As far back as he can remember, Whitner wanted to be a trial attorney. Whether as a boy growing up in Greenville, South Carolina, or an undergraduate majoring in government at Georgetown University, his ambition never wavered. As a law student at Yale University, his concept of the profession broadened, but his ardor to represent clients in court never dampened.
After graduating from law school in 1996, Whitner settled in Atlanta, where he found the sophisticated legal market he was seeking. Whitner was hired as a litigation associate at Sutherland Asbill & Brennan LLP. Two years later, he joined Paul Hastings, where he has remained ever since. In addition to practicing law, over the years Whitner has co-owned a long-haul trucking company, a recording studio, and a musical production company. He has also worked with nonprofit organizations focused on mentoring youth and promoting diversity.
av-o-ca-tion /ævo-ke-shun/ [av-uh-key-shuhn] noun — something a person does in addition to a principal occupation, esp. for pleasure; hobby.
At Georgetown and Yale, Whitner played a lot of pickup basketball which led to ankle injuries. To keep in shape, he got into weightlifting. To Whitner’s surprise, his body responded remarkably fast to the workouts. His cousin, a devoted bodybuilder, suggested he take up the sport competitively. Within six months of serious training, Whitner won the title of “Mr. Dixie” (he still winces at the name) in a South Carolina regional contest in 1994.
Whitner won that first competition at 6’1” and 193 lbs. Over the next decade, he went on to win and place in National Physique Committee (NPC) contests throughout the country. He progressed to higher amateur weight classes as he grew to 265 lbs., always keeping a keen eye on the next prize.
“Without an endgame in sight, training is no fun,” notes Whitner. “I’m happiest when I’m under the gun. Training for competition is similar to when you’re in trial prep mode—you clear off your plate and focus exclusively on that one client for two months. The upcoming contest consumes everything. Drinking, eating, sleeping—everything is structured in preparation for succeeding on that one day. And if you mess up even just a little bit, you may not succeed in presenting your body in the best light—and all of your hard work goes down the drain.”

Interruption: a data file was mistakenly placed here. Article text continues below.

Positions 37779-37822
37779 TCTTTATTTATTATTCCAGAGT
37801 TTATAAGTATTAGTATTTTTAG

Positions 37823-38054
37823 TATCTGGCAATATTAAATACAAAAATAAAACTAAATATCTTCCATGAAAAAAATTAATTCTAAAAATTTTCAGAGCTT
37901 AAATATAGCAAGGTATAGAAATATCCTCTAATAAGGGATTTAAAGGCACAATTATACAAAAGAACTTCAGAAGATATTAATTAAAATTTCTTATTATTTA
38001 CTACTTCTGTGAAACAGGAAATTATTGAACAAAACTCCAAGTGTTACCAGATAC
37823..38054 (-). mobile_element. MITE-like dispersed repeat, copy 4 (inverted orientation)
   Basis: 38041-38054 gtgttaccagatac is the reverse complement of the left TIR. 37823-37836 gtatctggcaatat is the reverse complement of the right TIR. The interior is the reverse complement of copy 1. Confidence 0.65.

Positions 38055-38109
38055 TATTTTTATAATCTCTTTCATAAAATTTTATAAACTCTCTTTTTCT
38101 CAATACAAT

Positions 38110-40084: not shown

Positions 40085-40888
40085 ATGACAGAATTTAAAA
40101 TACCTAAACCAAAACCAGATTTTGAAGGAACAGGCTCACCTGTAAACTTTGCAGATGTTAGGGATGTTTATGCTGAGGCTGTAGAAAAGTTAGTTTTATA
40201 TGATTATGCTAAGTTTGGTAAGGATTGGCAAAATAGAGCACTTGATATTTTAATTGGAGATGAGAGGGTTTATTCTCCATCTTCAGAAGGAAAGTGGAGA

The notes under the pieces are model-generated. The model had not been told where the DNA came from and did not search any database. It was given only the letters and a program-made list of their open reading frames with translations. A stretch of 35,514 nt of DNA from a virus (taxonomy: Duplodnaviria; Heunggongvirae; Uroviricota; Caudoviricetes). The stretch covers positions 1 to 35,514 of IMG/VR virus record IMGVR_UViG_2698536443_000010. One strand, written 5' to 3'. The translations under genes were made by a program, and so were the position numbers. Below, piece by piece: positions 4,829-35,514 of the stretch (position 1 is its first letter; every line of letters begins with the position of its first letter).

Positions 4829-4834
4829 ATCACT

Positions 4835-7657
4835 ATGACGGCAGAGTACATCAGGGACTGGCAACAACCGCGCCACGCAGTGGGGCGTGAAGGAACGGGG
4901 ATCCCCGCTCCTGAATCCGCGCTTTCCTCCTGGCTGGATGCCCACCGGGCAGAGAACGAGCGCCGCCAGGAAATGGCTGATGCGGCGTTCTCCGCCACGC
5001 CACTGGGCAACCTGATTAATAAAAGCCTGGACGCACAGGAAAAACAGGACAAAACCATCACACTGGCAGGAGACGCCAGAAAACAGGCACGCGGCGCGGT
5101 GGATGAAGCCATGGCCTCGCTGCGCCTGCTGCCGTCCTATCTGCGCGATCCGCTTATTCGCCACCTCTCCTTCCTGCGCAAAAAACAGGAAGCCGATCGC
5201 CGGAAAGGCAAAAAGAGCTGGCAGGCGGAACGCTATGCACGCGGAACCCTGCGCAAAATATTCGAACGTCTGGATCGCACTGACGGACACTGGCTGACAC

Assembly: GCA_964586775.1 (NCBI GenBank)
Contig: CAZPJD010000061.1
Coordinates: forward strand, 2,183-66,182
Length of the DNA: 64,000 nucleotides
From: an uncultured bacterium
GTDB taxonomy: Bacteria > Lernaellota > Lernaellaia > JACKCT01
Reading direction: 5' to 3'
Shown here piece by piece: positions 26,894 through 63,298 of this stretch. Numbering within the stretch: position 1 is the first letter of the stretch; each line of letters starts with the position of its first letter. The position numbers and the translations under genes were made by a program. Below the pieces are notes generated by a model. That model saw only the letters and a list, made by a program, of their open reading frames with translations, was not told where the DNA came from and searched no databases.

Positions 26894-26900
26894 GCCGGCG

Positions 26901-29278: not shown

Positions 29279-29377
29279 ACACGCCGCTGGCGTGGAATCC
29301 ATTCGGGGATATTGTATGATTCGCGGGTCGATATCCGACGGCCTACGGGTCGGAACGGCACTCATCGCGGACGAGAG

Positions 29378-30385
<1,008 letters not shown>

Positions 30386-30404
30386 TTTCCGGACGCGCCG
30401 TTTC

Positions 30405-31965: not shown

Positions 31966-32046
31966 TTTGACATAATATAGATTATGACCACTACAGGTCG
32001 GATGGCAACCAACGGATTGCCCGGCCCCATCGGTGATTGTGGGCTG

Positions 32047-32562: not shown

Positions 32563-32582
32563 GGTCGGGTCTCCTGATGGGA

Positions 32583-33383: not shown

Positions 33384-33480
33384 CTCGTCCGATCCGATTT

For 14 to 16 weeks prior to competition, Whitner typically increases his daily workout to three hours a day. He alters his diet dramatically, speeding up his metabolism with nine meals of protein and vegetables interspersed regularly throughout the day. “The discipline required for bodybuilding pervades my entire life. I thrive on it,” explains Whitner. “The less amount of time I have to complete a daunting task, the happier I am. I function best when I’m swamped with deadlines and working on numerous things.”
Does bodybuilding give Whitner an advantage in the courtroom? “The intensity required to succeed in bodybuilding carries over into litigation. I’m able to focus totally on the task at hand,” he notes. “It also lends me a physical edge as well. Certain witnesses and opposing counsel can be intimidated by my size. Of course, that works both ways. Sometimes they see a brawny guy and assume he can’t have too much going on upstairs.”
A fairly recently minted partner, Whitner envisions himself successfully inhabiting that role over the next ten years. The prospect complies with his ongoing need to succeed. He also foresees more competitive bodybuilding in the coming years.
“Shortly before the accident, I had exhausted the amateur competitions and was gearing up to compete for pro status,” reflects Whitner. “That opportunity is lost now. I’m a partner in the firm and my family has expanded, so there isn’t time for that. But I can resume competing in regional and state contests. Ultimately, my goal is to get back on stage and compete. I don’t want my career ended by injury. I want it to end on my own terms.” DB
Do you have an interesting pastime that you want to share in this space, or do you know other attorneys whose away-from-work activities might be showcased in this column? Please send your recommendations to firstname.lastname@example.org, and we'll consider your submissions for upcoming issues. Thanks!
Patrick Folliard is a freelance writer based in Silver Spring, Md.
From the March/April 2009 issue of Diversity & The Bar®